5 September 2023
Leaders as Allies Session Takeaways: Driving Actions for Change and Building Greater Accountability for DEI
Welcome to this year’s Green Park Business Leaders Index, our survey on progress being made by the UK’s major private sector businesses to achieve greater ethnic and gender diversity at senior levels.
We have been analysing diversity of the FTSE 100 senior leadership since 2014, originally as the Green Park Leadership 10,000 and now as the Green Park Business Leaders Index. In addition to our usual analysis of industry sectors, for the first time our analysis this year includes a breakdown of gender and ethnocultural diversity by job function.
This year’s Index covers a tumultuous period due to the Covid-19 pandemic. For ethnic minority communities, in particular, the impact has been disproportionate. A Government report on addressing Covid-19 health inequalities noted high infection and mortality rates for ethnic minority groups in the first wave of the coronavirus. We have also seen Black Lives Matter protests highlight racial injustice. Anti-racism protests took place around the UK, reigniting debate about our nation’s history as well as institutionalised treatment and perceptions of race.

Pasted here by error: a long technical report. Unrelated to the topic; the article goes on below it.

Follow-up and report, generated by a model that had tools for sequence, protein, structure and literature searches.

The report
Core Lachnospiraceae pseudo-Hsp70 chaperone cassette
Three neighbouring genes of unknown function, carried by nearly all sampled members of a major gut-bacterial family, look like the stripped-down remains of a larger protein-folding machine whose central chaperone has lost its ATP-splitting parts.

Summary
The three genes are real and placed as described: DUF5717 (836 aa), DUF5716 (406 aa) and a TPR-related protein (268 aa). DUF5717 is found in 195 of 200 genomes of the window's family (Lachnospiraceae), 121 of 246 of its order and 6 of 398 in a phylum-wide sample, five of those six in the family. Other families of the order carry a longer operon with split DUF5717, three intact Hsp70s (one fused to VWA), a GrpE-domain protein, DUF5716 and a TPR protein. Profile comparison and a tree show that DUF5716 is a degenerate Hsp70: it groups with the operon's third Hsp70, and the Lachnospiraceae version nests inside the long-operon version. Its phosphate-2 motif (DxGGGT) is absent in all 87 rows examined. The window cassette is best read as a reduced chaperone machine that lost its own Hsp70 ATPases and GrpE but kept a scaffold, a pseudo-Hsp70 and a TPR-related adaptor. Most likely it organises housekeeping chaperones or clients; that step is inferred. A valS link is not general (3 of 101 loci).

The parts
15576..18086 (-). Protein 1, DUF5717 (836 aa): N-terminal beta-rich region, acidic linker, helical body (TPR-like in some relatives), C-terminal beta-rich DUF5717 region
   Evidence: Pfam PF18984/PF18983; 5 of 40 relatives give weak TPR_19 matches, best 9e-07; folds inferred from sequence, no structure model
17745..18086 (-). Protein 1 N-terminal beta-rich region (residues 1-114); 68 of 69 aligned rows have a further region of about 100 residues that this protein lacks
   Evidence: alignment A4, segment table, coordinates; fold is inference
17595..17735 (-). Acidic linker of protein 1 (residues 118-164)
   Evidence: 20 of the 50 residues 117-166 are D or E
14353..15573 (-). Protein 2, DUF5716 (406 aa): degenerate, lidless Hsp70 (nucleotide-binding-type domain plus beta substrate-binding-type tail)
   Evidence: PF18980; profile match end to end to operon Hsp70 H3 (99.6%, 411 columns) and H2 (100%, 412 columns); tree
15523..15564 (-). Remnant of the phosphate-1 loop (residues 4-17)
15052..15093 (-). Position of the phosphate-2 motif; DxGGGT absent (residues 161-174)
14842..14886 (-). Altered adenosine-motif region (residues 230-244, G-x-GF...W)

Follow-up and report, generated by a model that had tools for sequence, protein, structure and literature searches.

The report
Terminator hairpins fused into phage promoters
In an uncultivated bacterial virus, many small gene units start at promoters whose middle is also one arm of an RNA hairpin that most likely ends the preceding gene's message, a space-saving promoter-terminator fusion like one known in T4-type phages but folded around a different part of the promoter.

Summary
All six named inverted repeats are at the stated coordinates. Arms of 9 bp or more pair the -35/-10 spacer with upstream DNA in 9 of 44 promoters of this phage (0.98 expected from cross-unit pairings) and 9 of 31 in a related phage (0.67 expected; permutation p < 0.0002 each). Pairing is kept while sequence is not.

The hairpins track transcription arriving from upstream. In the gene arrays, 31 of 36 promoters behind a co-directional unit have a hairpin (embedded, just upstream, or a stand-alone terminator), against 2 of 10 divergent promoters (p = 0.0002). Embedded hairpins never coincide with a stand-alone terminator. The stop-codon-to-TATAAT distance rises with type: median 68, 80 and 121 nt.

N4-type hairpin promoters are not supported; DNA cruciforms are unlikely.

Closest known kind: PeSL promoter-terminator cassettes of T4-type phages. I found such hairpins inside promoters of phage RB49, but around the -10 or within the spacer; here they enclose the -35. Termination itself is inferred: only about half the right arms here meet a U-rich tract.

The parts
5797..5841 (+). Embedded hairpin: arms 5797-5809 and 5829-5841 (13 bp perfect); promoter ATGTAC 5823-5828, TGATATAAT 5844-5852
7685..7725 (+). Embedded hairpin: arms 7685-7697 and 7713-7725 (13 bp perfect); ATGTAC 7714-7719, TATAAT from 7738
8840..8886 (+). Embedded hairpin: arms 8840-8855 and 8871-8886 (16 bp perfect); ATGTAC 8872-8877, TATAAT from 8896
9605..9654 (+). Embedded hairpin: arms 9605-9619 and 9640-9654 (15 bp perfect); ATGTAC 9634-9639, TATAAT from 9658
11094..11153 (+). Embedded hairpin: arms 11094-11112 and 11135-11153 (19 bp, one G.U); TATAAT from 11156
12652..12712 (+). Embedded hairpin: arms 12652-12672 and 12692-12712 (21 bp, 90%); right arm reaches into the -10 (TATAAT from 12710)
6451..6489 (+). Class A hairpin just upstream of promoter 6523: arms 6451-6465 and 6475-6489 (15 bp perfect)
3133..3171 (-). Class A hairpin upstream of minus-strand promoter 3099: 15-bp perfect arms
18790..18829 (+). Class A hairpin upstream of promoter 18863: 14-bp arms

Of course, the pandemic has not only disproportionately affected ethnic minority communities but also women, too. The United Nations reported in 2020 that the health, economic, security and social protection impacts of Covid-19 are exacerbated for women and girls. The UN said: “Women will be the hardest hit by this pandemic but they will also be the backbone of recovery in communities. Every policy response that recognises this will be the more impactful for it”.
Against this backdrop, our survey revealed some positive signs of progress towards greater gender and ethnic diversity at board and executive committee levels, but where change is happening, it is often within the corporate sidelines – roles and functions which are far less likely routes into the top tier of leadership than those travelled by their white, male counterparts.
Please find our key findings below or scroll down to download the full report.
We must transform words and promises into action and results. We as business leaders must do more to improve the diversity of our boards and leadership teams. What I hear from my conversations with Chairs and CEOs is a clear desire to make progress and an openness to embracing new thinking that’s needed to deliver change. I welcome the recommendations set out in this report and I encourage business leaders to adopt them.
We must all do better in listening to colleagues from underrepresented groups and challenge behaviours that create barriers for talent to progress.
Lord Karan Bilimoria
Change the Race Ratio | Chair & Founder
CBI | President
Green Park’s Annual Business Leaders Index reveals Britain’s top firms improving boardroom diversity - but “corporate sidelining” of women and ethnic minorities